Australia's longest bridge marks Pacific Highway progress

Source: New South Wales Government - 

17 February 2011

Roads Minister David Borger today announced a contract had been signed with Abigroup to design and build Australia’s longest bridge as part of the Pacific Highway upgrade.

"The 3.2 kilometre bridge will cross the Macleay River and floodplain and is an important part of the Kempsey bypass project, which will employ around 450 people and support more than 1400 jobs indirectly," Mr Borger said.

"The 14.5 kilometre Kempsey bypass project involves building a four-lane dual carriageway bypassing Kempsey and Frederickton.

"It is the first stage of the 40 kilometre Kempsey to Eungai upgrade.

"The total length of the bridge was originally planned to be 2.2 kilometres, however the bridge was extended by one kilometre after redesign, making it the longest bridge in the country.

"To say NSW will have Australia’s longest bridge is a great achievement, and testament to the hard work being done to upgrade the Pacific Highway.

"Not only will this be the longest bridge in Australia but the change to the design means the project will open to traffic one year earlier than expected, in 2013," Mr Borger said.

"The bridge is being built by the NSW Government within the project budget of $618 million provided by the Federal Government.

"The high standards of innovation in the planning and design of this bridge reflect the progress made along the 664 kilometre length of the Pacific Highway upgrade, one of the largest road infrastructure projects ever carried out in NSW."

"There are now 332 kilometres of four-lane dual carriageway along the Pacific Highway between Hexham and the Queensland border, with 70 kilometres now being upgraded."

"The final length of the highway will be 664 kilometres including a high standard connection to the F3 Freeway.

"The Pacific Highway upgrade brings significant benefits to the people of NSW, particularly to the communities along the Pacific Highway corridor," Mr Borger said.

Mr Borger added that there had been marked reductions in fatalities along the corridor.

"While there is further work to be done to reduce the number of crashes and fatalities, the reduction to date, from average annual fatalities in the low 50s and high 40s in 1996, to the mid 20s in 2010, reflects the results of the additional four-lane divided sections of road on the highway, as well as the further safety improvements on remaining sections of existing two-lane highway," Mr Borger said.

The RTA has been measuring the travel time of light and heavy vehicles to provide an indication of the overall time saving for road users.

"The measurements show travel time savings of about 70 minutes for light vehicles, from 8.5 hours to 7.5 hours, and 80 minutes for heavy vehicles, down from 9 hours, have already been achieved.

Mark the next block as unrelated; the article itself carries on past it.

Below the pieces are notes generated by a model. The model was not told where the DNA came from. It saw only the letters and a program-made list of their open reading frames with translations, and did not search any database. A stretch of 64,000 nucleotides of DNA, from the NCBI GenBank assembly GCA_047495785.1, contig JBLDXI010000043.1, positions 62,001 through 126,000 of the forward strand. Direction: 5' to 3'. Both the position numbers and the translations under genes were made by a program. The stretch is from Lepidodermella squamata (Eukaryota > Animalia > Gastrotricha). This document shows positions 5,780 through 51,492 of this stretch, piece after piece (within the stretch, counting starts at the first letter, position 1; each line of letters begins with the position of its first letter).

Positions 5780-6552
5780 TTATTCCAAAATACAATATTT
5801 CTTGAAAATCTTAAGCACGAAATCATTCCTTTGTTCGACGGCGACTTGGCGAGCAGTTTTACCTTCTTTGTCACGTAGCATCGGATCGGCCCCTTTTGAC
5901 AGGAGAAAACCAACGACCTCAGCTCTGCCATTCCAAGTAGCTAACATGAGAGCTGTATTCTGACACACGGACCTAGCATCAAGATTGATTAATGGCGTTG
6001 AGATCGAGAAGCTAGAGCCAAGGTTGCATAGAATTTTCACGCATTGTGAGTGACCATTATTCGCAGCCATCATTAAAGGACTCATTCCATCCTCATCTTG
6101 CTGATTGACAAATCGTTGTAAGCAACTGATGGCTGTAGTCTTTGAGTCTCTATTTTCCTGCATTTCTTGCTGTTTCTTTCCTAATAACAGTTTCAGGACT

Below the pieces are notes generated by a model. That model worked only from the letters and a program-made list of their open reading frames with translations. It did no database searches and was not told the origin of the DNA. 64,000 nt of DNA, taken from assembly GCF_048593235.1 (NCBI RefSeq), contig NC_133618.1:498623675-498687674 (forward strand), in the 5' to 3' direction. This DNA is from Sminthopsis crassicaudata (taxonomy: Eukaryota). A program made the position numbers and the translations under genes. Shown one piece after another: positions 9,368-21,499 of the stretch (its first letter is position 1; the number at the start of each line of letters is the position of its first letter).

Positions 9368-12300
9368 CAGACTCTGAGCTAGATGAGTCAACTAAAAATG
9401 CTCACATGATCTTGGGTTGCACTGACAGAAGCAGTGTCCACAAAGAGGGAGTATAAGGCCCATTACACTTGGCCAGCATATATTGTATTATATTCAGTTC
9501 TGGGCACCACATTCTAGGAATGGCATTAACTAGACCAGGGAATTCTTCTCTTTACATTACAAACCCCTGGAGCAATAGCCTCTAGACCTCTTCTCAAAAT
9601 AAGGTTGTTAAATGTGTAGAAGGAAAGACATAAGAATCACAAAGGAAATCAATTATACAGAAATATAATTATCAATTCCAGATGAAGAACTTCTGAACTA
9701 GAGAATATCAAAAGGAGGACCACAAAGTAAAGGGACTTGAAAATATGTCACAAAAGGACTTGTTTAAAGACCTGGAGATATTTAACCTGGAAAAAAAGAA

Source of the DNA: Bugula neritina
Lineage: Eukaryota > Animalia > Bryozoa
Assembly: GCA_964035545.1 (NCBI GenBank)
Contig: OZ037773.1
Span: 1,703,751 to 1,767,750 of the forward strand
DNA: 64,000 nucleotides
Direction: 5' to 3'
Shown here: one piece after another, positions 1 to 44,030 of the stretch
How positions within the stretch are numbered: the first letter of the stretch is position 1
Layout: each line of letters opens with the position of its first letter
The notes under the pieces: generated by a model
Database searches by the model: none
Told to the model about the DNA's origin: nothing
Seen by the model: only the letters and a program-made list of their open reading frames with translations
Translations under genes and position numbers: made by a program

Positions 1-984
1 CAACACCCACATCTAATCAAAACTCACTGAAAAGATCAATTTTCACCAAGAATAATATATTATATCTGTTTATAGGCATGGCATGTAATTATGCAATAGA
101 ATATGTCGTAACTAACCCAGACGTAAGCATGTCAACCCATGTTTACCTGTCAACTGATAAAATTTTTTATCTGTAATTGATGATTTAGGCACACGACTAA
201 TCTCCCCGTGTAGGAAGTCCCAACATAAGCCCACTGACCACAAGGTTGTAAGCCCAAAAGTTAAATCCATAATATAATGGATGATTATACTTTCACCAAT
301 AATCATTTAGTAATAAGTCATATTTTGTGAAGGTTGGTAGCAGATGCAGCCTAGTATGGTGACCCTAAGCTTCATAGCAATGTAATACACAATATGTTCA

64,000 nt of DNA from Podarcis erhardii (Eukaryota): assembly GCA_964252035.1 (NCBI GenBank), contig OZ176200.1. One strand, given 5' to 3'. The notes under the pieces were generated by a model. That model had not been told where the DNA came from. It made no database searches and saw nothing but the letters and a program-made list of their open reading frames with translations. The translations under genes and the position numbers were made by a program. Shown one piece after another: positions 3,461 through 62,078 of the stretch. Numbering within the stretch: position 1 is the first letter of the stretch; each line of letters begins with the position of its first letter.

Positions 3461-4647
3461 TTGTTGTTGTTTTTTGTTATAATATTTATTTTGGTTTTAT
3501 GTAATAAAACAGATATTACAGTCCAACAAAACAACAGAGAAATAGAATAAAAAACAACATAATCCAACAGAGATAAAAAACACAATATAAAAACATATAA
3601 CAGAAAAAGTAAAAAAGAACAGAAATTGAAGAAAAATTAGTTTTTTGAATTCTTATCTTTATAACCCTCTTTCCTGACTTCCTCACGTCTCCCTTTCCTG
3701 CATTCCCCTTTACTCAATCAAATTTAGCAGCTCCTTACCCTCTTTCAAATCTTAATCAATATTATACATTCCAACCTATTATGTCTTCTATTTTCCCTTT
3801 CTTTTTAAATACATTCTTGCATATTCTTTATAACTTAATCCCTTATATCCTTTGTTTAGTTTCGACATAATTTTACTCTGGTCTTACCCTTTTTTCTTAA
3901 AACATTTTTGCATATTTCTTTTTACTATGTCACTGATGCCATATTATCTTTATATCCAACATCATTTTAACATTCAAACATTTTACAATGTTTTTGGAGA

"In addition to the reduction in fatalities and travel times, the Pacific Highway upgrade continues to make a major contribution to regional development along the east coast of NSW and is improving the safety of locals through bypasses and the separation of through and local traffic," Mr Borger said.

Given the large amount of work now being carried out, a number of significant milestones for the Pacific Highway upgrade project are about to be achieved, including:

Banora Point

  • The $359 million Banora Point project will upgrade the Pacific Highway to a six-lane divided road from Barneys Point Bridge to the Tweed Heads bypass, bringing major benefits for travel time and road safety;

  • Demolition of existing twin bridges is complete and a number of traffic diversions are in place. To allow construction to proceed, the opening of southbound carriageway is due late 2011; and,

  • On-track for completion in late 2012.

  • Ballina Bypass

  • The $640 million Ballina bypass will provide 12 kilometres of four-lane divided highway between Emigrant Creek, south of Ballina and approximately 500m north of Ross Lane at Tintenbar; and,

  • Construction is well underway, with the northern section of the project due to be open to traffic on late February 2011. The full bypass is due for completion by mid 2012.

  • Bulahdelah upgrade

  • The 8.6 kilometre Bulahdelah upgrade includes a four-lane divided highway with an eastern bypass of the town;

    • Construction work is progressing well. The upgrade is expected to be opened to traffic in late 2012; and,

    • When complete, the Bulahdelah bypass will complete the 220 kilometres of four-lane divided road between Hexham and Port Macquarie.

    Sapphire to Woolgoolga

    • This 25 kilometre section of the Pacific Highway upgrade involves a four-lane divided highway with a service road from Sapphire to Woolgoolga and a new dual carriageway bypass to the rest of Woolgoolga; and,

    • The upgrade is scheduled to open to traffic by early 2014.

    Glenugie upgrade

  • Will result in 7 kilometres of four-lane divided highway from Franklins Road to Eight Mile Lane, south of Grafton; and,

  •  Work is being carried out and is due for completion in late 2011.

  • "In addition to the projects on which work is now being completed, a further 314 kilometres of highway are in various stages of development, with many projects, such Herons Creek to Stills Road and Tintenbar to Ewingsdale due to begin work this year," Mr Borger said.


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